Building healthy shop culture takes time. It’s the result of many tiny interactions, not a policy change. Humans build trust in tiny increments. Trust builds community; trust is community.

5. Balance safety and access

The safest shop is one that’s never open. Shops are full of hazards. The only way to guarantee safety is to prohibit access entirely.

That said, shops can be quite safe. I’ve been working in shops for 10 years now. The worst injury I’ve been around resulted in a part of a finger lost. The guy who sustained the injury still works in the shop. Unfortunate, and preventable, but not exactly deadly.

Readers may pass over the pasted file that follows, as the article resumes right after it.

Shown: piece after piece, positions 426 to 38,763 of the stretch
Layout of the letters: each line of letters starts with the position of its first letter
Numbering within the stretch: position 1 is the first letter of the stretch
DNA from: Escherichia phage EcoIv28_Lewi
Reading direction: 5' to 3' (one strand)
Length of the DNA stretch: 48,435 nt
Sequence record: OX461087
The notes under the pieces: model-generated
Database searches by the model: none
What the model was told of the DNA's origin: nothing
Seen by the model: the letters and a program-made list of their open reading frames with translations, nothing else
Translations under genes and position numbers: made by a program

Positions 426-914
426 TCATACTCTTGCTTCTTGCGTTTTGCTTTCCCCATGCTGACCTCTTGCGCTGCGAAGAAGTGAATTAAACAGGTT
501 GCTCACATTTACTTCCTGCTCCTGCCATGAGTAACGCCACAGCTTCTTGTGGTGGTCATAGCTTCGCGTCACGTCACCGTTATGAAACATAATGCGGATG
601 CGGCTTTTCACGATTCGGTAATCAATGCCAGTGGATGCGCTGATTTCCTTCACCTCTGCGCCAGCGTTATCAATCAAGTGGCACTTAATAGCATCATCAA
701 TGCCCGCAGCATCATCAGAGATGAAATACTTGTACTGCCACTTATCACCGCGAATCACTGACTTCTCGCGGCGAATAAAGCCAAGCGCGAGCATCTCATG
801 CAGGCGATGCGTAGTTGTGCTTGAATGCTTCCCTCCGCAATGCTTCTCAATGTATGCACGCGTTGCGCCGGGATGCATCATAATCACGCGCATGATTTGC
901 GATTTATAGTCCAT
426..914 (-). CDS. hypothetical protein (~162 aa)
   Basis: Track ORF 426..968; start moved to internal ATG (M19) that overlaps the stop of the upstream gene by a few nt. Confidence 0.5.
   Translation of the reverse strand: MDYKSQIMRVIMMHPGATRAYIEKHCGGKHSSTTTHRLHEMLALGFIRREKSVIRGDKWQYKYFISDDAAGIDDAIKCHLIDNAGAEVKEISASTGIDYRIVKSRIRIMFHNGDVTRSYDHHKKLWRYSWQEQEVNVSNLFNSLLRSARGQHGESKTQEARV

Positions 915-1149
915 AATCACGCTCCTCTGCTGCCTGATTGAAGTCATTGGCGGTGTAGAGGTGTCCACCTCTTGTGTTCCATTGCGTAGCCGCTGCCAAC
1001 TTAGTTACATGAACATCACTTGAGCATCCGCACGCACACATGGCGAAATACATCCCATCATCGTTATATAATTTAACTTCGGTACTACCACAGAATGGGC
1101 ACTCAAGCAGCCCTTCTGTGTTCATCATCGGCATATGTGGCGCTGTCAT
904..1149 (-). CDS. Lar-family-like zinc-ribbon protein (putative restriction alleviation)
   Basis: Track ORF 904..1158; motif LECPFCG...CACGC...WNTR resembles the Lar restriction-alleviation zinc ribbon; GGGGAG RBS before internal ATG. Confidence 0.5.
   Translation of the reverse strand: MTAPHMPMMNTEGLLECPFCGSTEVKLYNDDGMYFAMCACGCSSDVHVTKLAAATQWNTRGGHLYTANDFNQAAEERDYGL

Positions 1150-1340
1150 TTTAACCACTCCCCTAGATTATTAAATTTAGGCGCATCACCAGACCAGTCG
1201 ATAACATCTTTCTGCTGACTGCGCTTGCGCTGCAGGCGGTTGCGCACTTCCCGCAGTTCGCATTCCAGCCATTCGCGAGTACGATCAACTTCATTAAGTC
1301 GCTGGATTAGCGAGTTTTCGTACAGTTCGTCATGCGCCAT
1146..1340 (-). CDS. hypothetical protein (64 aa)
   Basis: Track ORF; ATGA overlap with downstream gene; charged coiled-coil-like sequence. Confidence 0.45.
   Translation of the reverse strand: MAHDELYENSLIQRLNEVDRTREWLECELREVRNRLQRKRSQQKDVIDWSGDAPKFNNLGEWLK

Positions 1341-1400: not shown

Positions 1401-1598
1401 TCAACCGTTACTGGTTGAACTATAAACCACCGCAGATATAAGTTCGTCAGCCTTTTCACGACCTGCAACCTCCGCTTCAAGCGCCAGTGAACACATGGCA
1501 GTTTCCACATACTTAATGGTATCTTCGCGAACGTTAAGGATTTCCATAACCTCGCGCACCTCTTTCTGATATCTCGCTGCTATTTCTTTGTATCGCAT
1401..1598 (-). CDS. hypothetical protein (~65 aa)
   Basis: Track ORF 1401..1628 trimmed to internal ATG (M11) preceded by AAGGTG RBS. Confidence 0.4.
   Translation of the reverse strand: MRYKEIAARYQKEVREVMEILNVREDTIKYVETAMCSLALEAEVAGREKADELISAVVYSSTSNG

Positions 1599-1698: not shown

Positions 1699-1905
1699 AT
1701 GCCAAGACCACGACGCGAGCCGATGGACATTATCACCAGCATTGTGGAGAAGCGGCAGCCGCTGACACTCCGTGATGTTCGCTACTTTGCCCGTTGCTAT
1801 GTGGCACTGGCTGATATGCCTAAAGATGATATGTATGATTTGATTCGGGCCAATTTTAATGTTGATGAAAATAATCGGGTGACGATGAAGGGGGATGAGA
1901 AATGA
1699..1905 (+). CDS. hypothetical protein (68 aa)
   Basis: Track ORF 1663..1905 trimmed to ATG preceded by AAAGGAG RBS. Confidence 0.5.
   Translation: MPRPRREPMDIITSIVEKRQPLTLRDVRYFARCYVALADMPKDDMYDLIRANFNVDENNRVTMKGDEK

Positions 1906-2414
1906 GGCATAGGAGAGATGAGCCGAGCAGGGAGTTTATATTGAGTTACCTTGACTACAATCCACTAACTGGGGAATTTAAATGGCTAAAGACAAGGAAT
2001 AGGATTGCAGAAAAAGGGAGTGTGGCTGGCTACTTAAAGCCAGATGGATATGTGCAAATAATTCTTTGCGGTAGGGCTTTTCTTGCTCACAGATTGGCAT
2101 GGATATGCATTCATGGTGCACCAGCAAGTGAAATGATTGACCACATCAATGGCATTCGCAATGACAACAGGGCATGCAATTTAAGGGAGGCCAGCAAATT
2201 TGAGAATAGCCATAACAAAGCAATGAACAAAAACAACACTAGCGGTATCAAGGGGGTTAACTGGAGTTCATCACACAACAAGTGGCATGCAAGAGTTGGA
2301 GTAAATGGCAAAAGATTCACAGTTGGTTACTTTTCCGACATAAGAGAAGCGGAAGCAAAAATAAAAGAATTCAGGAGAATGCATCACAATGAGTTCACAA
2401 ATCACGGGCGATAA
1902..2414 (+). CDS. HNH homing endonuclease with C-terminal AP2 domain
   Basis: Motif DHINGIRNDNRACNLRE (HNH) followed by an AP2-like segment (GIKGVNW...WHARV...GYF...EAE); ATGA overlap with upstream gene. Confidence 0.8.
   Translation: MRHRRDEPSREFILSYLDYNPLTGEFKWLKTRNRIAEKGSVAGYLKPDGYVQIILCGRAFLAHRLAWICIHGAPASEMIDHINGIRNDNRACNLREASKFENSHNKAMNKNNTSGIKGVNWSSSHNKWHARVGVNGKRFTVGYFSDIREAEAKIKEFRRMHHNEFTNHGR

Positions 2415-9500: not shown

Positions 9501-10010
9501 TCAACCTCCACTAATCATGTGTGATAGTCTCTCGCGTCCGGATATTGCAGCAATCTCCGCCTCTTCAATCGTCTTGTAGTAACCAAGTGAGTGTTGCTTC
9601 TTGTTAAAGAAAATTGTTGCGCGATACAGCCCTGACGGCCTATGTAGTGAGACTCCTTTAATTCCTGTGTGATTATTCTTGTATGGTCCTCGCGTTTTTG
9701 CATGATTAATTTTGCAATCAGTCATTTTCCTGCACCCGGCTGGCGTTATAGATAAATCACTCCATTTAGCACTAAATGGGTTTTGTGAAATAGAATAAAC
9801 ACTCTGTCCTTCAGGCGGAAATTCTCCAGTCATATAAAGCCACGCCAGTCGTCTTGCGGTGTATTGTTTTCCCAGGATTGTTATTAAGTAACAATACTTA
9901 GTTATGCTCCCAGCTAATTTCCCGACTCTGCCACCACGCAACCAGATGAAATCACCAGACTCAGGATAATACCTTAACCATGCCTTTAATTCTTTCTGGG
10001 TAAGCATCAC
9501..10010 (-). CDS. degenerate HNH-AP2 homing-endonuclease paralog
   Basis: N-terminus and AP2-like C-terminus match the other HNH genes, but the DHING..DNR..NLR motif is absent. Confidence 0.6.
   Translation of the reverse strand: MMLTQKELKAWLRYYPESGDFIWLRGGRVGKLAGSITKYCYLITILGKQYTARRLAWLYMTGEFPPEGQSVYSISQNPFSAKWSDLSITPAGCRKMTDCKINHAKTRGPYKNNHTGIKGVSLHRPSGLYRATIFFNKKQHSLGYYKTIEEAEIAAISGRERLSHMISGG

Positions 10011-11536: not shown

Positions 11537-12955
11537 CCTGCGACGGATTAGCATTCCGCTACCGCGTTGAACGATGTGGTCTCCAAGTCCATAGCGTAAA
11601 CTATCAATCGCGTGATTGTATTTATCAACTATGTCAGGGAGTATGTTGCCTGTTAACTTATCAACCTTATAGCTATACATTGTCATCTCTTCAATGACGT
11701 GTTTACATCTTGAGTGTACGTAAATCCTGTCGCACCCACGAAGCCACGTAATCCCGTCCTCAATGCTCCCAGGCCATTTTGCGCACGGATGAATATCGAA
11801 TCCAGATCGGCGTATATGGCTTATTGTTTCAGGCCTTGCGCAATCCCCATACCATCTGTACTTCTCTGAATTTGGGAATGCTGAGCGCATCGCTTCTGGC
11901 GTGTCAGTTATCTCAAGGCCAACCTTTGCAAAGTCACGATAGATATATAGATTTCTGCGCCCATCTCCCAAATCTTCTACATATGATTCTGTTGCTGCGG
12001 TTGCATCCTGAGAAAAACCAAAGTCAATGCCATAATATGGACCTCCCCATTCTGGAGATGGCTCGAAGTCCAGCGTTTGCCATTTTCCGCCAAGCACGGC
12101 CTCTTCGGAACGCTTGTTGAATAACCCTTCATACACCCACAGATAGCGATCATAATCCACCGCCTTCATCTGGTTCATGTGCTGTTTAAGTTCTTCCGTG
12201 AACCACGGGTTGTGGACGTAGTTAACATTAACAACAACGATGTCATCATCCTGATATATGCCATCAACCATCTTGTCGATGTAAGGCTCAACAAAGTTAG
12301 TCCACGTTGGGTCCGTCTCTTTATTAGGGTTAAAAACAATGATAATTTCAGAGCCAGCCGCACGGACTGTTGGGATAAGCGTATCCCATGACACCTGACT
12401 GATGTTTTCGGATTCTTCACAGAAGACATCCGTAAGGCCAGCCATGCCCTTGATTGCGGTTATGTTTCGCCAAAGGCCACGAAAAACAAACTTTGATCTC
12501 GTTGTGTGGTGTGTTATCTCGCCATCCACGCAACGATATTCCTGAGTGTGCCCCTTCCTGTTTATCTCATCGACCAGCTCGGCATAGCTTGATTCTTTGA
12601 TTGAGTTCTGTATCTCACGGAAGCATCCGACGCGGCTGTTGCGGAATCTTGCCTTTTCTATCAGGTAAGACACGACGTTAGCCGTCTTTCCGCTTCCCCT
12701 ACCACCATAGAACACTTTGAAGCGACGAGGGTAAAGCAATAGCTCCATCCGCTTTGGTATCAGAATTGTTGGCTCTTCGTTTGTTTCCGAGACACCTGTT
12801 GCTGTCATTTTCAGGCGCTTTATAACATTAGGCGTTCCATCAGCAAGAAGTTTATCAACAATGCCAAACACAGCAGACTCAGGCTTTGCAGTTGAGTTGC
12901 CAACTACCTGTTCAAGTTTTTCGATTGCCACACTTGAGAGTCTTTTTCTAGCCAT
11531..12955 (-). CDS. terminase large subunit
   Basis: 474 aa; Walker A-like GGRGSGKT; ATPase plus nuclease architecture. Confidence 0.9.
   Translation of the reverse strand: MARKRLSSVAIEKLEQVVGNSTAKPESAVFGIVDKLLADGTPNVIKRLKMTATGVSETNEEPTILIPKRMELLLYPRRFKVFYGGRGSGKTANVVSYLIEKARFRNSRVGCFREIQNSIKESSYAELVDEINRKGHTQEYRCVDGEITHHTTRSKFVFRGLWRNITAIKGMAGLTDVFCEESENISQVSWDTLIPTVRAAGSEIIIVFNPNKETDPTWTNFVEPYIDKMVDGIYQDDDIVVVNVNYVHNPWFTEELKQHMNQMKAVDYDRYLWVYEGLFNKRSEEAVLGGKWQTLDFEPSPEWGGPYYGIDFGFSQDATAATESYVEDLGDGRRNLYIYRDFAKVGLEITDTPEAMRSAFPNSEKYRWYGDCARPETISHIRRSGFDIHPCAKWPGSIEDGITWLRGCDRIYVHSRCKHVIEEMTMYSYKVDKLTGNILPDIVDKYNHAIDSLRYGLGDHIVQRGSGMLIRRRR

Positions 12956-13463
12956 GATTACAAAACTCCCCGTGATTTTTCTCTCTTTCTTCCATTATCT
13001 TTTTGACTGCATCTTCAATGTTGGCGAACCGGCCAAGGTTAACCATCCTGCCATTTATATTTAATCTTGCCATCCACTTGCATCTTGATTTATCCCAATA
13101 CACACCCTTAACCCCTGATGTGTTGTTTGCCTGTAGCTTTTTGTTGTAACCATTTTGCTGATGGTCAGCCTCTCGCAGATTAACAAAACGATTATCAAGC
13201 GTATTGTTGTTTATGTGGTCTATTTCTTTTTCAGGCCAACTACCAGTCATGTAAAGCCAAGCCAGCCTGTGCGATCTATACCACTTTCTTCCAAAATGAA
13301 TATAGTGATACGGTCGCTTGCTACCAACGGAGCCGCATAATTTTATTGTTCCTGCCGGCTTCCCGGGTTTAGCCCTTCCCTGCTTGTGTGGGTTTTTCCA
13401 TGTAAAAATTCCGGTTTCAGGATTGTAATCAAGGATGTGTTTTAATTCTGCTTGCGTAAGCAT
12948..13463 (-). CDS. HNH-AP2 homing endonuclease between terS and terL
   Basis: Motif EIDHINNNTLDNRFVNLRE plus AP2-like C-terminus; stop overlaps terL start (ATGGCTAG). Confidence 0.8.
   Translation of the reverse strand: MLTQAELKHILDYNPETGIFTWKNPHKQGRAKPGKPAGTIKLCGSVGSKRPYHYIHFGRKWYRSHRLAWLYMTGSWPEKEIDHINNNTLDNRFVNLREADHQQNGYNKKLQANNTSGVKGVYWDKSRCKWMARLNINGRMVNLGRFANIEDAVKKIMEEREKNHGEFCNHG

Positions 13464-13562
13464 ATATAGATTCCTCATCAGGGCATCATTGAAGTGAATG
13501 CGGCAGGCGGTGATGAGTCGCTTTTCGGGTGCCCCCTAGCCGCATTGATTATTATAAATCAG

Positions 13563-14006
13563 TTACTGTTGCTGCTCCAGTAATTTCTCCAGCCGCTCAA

Taking a “safety first no matter what” approach likely promotes actions counter to the goals of the shop. Presumably you have a shop because you want things like faster prototyping. But if all you truly care about is safety, then having a shop isn’t a good idea.

I advocate seeing shop management as a balancing act between safety and access. With this approach, we can do things like identify which tools are most likely to cause problems, and then do things in response like prohibit user access to them, require special training before their use, or simply not buy them at all.

Shop management is NOT about reducing all safety risks to zero. That goal is incompatible with the existence of a shop. Rather, the goal is to find a spot on the safety-access continuum that works for all stakeholders, which inevitably means accepting some non-zero risks.

Why isn’t 3D metal printing more popular yet?